The regulation of utilities in Rhode Island is the responsibility of the Rhode Island Public Utilities Commission (“RIPUC”). That commission is a creature of statute. As an attorney, practicing before the commission is different than appearing in state court. Public utility law follows various enabling acts and observance of a variation on the state’s rules of evidence and civil procedure.

The substantive foundation of public utility law comes from the Rhode Island Public Utilities Commission Act. Under that statute, the RIPUC is meant to “serve as a quasi-judicial tribunal with jurisdiction, powers…to hold investigations and hearings involving the rates, tariffs, tolls, and charges, and the sufficiency and reasonableness of facilities and accommodations of railroad, gas, electric distribution, water, telephone, telegraph, and pipeline public utilities…” RIGL §39-1-3. The investigations and hearings mentioned here are the events where the public and attorneys most commonly interact with the RIPUC.

What is a tariff and how is it set?

A tariff is customarily a tax or fee paid on a particular class of imports or exports. In public utility law, a utility tariff is a pricing structure. The energy company will charge its customers for energy usage. The pricing schedule is set by the energy company and requires approval by the RIPUC. This approved charge then appears on a customers’ bill in dollars per kilowatt-hour (kWh).

Setting a tariff can be a long and complicated process. The burden of proof is on the utility company to demonstrate the reasonableness of its pricing structure. There are some minor/administrative changes to a tariff are allowed without commencing a formal hearing process. Otherwise, if the changes are substantive, a hearing is held.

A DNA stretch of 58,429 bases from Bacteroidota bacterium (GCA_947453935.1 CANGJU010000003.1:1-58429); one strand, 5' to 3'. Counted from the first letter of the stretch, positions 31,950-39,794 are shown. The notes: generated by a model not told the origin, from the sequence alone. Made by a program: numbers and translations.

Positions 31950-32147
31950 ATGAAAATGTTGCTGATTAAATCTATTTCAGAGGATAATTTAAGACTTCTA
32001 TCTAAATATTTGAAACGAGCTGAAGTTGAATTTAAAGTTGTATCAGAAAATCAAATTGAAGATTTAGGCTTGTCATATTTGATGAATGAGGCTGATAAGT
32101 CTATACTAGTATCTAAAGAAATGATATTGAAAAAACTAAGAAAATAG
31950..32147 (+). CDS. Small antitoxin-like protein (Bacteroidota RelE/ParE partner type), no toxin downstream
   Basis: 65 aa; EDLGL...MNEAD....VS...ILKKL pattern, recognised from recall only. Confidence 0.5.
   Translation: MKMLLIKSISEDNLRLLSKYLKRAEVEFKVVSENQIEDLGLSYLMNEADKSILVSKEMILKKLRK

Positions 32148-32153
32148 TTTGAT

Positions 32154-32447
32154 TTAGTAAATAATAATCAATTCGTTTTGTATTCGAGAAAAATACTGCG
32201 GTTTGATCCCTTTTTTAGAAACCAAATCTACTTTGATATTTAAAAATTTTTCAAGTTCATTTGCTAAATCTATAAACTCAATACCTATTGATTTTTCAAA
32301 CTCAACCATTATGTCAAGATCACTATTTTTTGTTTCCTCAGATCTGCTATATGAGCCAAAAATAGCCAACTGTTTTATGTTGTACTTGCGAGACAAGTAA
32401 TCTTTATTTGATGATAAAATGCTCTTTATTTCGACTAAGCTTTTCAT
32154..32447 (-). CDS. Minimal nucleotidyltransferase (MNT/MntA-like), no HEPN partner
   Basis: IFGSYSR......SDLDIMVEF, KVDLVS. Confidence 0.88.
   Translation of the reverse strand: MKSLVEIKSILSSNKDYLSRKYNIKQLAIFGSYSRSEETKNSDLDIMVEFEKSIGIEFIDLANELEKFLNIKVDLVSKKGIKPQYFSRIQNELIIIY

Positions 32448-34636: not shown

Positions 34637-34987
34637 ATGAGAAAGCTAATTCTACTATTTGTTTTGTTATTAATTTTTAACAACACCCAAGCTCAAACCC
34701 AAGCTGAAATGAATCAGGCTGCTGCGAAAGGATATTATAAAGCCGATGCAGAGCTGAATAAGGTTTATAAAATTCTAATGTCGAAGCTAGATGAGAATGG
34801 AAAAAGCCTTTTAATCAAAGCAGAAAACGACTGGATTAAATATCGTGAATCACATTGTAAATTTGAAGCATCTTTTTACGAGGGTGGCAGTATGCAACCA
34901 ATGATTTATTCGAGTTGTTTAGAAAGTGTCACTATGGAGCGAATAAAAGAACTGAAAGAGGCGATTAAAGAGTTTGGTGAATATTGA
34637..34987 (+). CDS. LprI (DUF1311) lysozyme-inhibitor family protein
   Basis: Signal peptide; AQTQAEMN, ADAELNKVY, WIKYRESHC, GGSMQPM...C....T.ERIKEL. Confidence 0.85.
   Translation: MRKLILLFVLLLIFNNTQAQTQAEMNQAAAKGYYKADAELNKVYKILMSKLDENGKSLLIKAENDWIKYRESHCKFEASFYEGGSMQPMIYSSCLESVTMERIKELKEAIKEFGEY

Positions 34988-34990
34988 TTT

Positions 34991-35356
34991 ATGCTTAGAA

At the beginning of the hearing, the utility company must file its complete direct case. This includes written testimony and exhibits. Public utility law in this context also requires filing of additional documents. Examples are previously filed Annual Reports to the RIPUC, the Federal Energy Regulatory Commission, the Securities and Exchange Commission, and stockholders.

What is Distributed Generation and how is it regulated?

With the advent of reliance on alternative sources of renewable energy, public utility law is changing. Distributed generation (on-site generation) is a phrase used to explain the generation of electricity from sources other than the traditional power plant. The generation occurs closer to the location where the electricity is being used.  This type of system has implications felt throughout the industry.

Very recently, the RIPUC voted to adopt a new set of reporting and process requirements related to “Affected System Operator (ASO) Studies affecting Distributed Generation (DG) applications.” In public utility law, distributed generation project developers must ask for an interconnection from the transmission company. The interconnection is likely to have an impact on its neighboring transmission systems. The RIPUC’s recent vote now requires additional consideration of these potential impacts. You can read the RIPUC’s notice here.

At Desautel Law, the attorneys deal with public utility law clients and matters on a regular and consistent basis. For more information, call us today at 401.477.0023.